By Richard Fein

We were on the bed, not quite arm in arm.
Her head rested on my shoulder;
This time I didn't stroke her hair,
there had been too many other times.
Fog had placed its cataract on the window.
Thorazine had pulled up her eyes.
Nothing was said.
We heard only mumbling down the corridor
and a distant cry.
It was five o'clock, leaving time.
She rose and walked as if wired
to a drunken puppeteer.
My legs were numb, yet I relished the tingling pain.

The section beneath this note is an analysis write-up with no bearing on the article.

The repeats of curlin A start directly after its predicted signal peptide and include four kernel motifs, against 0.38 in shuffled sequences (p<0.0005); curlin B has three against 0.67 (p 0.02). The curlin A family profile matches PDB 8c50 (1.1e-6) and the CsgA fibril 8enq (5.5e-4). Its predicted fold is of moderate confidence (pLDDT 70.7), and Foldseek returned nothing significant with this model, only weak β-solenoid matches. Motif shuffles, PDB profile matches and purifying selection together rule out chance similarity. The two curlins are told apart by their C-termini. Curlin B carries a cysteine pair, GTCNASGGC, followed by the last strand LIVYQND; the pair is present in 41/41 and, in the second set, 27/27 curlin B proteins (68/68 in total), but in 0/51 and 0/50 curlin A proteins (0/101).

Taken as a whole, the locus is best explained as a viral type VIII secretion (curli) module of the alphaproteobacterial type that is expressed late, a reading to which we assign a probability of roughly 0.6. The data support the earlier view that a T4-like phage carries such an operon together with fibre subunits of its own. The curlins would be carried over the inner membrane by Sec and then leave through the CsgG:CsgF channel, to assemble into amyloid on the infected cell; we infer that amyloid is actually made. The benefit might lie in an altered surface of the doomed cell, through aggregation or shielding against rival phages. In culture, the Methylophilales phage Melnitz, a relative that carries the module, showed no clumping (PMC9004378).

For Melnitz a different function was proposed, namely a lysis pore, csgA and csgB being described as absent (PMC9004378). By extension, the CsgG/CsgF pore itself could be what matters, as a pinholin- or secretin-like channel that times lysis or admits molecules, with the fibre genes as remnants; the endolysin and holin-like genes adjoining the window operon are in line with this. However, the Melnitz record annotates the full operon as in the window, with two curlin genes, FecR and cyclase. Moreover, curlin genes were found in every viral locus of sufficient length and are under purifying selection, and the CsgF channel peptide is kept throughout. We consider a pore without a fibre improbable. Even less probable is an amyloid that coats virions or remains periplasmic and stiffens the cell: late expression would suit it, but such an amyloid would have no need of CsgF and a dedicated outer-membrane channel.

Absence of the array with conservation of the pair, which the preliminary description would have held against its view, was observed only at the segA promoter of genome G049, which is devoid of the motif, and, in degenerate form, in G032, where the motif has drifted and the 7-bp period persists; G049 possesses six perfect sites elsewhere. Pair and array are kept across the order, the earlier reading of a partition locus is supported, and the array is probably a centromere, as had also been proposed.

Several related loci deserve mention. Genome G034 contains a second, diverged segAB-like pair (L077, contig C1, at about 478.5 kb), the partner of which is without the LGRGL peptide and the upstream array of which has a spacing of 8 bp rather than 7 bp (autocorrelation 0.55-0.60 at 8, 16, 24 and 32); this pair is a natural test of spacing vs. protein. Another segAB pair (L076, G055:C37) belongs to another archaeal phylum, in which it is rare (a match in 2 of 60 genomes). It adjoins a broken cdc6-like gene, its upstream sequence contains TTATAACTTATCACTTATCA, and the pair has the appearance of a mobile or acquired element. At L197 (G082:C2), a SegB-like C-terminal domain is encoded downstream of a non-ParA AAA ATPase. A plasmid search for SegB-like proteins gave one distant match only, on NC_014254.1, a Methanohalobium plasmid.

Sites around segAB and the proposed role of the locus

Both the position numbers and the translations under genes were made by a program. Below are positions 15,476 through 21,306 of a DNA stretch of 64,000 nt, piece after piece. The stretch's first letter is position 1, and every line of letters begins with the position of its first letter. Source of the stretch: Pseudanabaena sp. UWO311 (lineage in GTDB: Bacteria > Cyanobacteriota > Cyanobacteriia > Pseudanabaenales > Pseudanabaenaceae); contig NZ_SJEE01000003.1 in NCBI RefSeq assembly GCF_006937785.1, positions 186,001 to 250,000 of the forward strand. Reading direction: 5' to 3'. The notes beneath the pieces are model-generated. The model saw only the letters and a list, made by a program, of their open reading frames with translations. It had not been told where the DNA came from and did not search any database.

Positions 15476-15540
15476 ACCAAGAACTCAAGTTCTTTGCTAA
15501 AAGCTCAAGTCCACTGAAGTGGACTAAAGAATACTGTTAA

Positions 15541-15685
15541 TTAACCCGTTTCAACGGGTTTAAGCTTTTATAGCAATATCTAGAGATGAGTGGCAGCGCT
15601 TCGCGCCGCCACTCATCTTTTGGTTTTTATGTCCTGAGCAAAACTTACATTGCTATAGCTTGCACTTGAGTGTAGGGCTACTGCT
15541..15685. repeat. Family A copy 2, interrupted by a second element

One last walk down the ward together; we didn't kiss.
I let the first elevator pass,
every floor number was lit in turn,
all the way down and up again.
The doors opened. I rushed in. We didn't kiss.
The doors would not close. They kept hugging me,
as I stood on the threshold.
Embrace, release, embrace, release, till
at last a fellow passenger touched my shoulder
and whispered it's leaving time.
Through the window, she gave me the slightest wave.
I was motionless, gravity conquered my arms.
My eyes were fixed on the window
until I saw her face ascend out of view.



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